i put a rub on prime rib; the main ingredient was pepper and garlic. i rubbed the beef with honey to make the rub stick - acceptable or not?
prime rib rub
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Usually not a good idea, but there's some wiggle room depending on how and for whom you're cooking.
Honey burns at a fairly low temperature, and burnt sugars are bitter. If you roast at a lowish temp, say around 250F, you might be able to avoid the bitterness problem. But still...
Very few sweet rubs are what you'd call complimentary to beef. Unless you use very little honey and combine it with something mutually complimentary, mustard for instance, you're likely to end up with something which tastes a little strange. The largest class of exceptions to "no sweet rubs" on beef which I can think of are some styles"Southern" barbecue which call for some brown sugar in the rub -- usually complimented with cayenne or something similarly spicy. You often hear the phrase, "a little bit of sweet and a little bit of heat." But outside of the south you seldom see sugar in beef rubs, even for (low and slow) barbecue.
There may be some ethnic traditions too, but they're not ringing any bells as I write.
As a sort of general rule, honey works best as a glaze, applied near the end of cooking; and works best with poultry or pork.
Without advocating my own taste as any sort of arbiter, I don't use anything sweet when seasoning beef. Not for "high end," and not even for barbecue.
If the surface of the meat isn't absolutely dry, the rub will stick anyway -- so unless you want to season the fat (which you probably do), you don't need to do anything extra. The best way to season the roast -- fat and all -- is to remove the fat cap in one piece, season the entire roast, then return the fat to the meat and truss it in place over the rub. I have to say though, that this isn't something you want to try for the first time for a Christmas dinner. Getting the fat cap off in one piece isn't hard, but practice makes a difference.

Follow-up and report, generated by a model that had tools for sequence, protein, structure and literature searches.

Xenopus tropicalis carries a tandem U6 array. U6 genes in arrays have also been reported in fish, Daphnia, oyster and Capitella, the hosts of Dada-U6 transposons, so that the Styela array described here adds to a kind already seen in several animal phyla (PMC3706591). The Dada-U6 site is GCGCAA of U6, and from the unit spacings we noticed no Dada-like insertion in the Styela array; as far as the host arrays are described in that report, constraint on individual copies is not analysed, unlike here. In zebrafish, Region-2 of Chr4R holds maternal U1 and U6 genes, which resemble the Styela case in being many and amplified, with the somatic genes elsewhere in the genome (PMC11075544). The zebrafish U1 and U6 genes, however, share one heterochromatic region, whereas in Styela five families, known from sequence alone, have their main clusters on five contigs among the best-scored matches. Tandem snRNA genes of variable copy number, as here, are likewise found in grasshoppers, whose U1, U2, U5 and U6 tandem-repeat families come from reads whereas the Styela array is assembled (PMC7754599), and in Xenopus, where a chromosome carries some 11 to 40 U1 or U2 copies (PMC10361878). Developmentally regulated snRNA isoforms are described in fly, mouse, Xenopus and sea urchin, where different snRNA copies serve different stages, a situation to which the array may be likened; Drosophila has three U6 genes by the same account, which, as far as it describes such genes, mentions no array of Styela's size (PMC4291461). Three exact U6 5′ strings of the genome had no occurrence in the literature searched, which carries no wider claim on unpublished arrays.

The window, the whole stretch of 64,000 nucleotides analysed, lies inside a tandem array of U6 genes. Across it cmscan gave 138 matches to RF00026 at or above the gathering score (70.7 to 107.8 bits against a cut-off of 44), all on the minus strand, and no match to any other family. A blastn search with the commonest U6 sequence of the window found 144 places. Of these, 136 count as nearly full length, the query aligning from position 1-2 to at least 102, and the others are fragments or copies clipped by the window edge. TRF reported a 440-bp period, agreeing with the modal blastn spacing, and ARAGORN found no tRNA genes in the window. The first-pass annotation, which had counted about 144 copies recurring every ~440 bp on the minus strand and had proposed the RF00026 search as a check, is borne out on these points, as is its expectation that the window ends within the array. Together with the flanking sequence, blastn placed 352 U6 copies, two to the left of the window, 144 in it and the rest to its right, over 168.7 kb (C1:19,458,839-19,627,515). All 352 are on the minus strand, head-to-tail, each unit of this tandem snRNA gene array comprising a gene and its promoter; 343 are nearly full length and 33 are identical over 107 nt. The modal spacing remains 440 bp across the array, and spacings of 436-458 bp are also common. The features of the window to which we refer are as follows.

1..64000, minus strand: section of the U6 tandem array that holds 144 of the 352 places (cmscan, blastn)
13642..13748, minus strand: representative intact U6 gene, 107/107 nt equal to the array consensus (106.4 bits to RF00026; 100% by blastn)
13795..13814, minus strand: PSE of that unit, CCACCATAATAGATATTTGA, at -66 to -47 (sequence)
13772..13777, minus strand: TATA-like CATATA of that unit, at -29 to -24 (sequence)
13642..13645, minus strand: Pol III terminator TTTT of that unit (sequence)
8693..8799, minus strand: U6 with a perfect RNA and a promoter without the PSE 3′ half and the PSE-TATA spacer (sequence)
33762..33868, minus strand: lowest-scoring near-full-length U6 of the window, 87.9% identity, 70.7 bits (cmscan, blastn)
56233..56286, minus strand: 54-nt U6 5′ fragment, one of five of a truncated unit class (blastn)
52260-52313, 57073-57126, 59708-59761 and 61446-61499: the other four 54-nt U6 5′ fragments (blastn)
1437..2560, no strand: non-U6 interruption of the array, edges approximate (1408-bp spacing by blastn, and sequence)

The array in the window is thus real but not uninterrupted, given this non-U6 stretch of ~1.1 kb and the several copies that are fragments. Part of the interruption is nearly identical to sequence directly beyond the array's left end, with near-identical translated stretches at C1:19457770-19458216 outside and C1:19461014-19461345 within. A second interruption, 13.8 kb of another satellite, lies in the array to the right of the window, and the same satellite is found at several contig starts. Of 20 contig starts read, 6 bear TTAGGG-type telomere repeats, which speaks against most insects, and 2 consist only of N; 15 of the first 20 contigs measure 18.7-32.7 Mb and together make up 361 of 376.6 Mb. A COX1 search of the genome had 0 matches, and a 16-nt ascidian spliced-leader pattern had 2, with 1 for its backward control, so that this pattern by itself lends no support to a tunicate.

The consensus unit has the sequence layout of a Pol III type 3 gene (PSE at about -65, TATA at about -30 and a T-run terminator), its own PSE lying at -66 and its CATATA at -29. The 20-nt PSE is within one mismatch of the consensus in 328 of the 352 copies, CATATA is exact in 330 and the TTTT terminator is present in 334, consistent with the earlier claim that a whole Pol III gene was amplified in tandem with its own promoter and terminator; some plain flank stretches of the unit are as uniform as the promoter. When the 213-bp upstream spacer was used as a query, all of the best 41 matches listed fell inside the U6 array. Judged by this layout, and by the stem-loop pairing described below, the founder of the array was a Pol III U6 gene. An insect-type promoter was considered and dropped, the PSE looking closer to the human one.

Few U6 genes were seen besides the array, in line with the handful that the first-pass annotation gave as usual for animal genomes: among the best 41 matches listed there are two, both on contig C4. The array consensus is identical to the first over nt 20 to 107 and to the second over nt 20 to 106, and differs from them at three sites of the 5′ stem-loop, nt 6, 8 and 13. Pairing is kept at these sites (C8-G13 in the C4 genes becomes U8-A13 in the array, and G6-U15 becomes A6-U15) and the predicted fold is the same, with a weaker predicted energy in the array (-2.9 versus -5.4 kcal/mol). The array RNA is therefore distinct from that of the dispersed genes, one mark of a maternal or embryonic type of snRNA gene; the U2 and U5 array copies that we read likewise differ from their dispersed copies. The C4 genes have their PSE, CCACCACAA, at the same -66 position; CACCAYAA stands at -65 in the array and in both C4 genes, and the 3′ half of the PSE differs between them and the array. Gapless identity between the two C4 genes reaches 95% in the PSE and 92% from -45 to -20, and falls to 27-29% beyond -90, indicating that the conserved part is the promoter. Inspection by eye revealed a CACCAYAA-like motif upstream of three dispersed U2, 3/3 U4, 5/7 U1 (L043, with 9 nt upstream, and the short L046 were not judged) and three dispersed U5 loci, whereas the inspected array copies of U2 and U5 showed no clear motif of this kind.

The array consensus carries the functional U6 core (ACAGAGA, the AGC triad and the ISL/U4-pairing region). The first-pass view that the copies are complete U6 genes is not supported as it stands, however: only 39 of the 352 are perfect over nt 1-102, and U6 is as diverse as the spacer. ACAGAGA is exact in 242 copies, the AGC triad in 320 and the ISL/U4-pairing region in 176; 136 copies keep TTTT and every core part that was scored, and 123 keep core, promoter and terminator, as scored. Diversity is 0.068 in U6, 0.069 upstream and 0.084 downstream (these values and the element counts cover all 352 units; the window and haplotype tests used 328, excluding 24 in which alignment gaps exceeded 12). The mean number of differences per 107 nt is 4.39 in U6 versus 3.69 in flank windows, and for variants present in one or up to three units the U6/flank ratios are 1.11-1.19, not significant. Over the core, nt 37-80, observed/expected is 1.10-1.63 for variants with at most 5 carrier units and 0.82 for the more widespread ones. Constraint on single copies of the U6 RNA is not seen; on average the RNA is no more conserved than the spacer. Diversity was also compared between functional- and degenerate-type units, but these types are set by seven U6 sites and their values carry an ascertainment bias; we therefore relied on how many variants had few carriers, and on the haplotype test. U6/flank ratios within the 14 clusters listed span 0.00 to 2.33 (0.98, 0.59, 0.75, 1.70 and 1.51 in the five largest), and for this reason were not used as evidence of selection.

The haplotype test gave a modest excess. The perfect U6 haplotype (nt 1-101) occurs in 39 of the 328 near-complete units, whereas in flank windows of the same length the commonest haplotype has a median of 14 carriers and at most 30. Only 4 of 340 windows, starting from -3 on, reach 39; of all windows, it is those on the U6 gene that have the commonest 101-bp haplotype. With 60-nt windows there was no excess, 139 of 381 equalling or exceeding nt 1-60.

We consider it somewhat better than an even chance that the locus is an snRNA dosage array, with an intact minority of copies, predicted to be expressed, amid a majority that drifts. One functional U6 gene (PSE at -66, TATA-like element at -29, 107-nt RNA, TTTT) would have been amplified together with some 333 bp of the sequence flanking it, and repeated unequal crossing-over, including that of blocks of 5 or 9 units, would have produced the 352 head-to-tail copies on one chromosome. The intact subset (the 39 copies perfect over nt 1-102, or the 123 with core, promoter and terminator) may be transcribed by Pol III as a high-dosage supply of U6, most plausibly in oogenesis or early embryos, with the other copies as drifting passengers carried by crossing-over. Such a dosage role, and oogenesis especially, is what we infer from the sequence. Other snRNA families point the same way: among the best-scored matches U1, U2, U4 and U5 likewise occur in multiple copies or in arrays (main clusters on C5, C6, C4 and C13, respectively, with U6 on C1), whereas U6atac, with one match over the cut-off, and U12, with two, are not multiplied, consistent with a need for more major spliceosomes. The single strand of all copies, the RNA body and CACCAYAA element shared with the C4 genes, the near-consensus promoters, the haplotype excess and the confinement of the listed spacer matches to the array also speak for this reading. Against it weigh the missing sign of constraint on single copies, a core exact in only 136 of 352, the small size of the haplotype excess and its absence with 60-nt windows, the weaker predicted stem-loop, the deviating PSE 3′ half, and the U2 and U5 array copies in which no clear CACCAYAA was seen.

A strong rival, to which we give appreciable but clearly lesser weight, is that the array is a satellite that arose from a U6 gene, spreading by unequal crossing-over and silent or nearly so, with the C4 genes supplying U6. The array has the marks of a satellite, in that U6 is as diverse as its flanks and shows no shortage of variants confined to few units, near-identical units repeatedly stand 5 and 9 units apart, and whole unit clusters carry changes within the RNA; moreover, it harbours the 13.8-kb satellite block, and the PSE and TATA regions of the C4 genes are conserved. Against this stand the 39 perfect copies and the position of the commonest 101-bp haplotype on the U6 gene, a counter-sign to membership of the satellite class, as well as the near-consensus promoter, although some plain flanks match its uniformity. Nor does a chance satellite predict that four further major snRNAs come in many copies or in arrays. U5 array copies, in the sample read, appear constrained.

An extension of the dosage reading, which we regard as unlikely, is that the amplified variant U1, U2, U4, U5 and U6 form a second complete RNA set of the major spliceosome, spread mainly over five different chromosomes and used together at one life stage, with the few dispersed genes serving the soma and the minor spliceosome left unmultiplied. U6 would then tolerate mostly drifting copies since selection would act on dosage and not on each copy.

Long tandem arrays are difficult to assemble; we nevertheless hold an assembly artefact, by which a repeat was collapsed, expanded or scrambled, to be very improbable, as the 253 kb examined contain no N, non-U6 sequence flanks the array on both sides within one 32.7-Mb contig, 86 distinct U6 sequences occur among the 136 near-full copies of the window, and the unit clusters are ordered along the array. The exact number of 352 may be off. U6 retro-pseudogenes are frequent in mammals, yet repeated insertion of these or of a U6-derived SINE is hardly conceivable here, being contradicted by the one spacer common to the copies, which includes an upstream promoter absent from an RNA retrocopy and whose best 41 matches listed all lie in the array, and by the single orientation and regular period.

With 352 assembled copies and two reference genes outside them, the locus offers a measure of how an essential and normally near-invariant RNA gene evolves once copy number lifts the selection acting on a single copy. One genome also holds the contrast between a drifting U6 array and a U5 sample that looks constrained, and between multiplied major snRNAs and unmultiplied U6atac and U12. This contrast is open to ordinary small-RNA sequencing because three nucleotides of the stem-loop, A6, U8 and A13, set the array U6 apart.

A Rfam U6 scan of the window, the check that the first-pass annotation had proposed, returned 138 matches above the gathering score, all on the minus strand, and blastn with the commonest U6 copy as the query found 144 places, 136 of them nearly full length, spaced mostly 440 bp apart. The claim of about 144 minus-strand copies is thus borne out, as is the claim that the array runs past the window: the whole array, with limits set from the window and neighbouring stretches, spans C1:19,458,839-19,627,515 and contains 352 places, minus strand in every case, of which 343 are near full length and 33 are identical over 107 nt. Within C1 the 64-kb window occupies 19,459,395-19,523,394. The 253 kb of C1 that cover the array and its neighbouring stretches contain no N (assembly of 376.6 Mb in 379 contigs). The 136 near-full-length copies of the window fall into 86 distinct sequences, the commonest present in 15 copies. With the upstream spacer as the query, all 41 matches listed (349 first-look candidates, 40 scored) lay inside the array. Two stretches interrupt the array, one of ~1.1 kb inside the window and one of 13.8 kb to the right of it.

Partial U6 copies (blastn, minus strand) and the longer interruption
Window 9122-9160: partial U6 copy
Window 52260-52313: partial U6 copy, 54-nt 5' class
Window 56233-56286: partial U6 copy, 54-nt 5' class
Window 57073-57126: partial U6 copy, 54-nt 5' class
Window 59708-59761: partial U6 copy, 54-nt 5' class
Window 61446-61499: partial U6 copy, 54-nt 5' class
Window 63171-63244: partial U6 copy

If you want to trim the fat very close, so you have just a little AND want to make your rub stick, there are a few ways to go about it which don't involve honey. The first is to use a slather -- made from baseball mustard, mayo, or a mix of a stronger mustard like dijon and mayo -- then apply the rub over the slather. Slathering -- especially with baseball mustard alone -- is a very common practice with barbecue.
The second is to put your rub in the blender and make a paste by adding oil and/or pureeing it with onions and fresh herbs.
My suggestion is that you wipe the roast clean with a damp towel and start over with a mustard/mayo slather. Because prime rib doesn't have much surface area relative to the portion size, you won't really taste your rub unless you season very heavily. So... season very heavily.
If it is already too late, oh well. Don't worry about it 'til next time. We're talking about the difference between good and better. Everything will be more than fine for today.
Good luck and merry Christmas,
Edited by boar_d_laze - 12/26/12 at 7:44am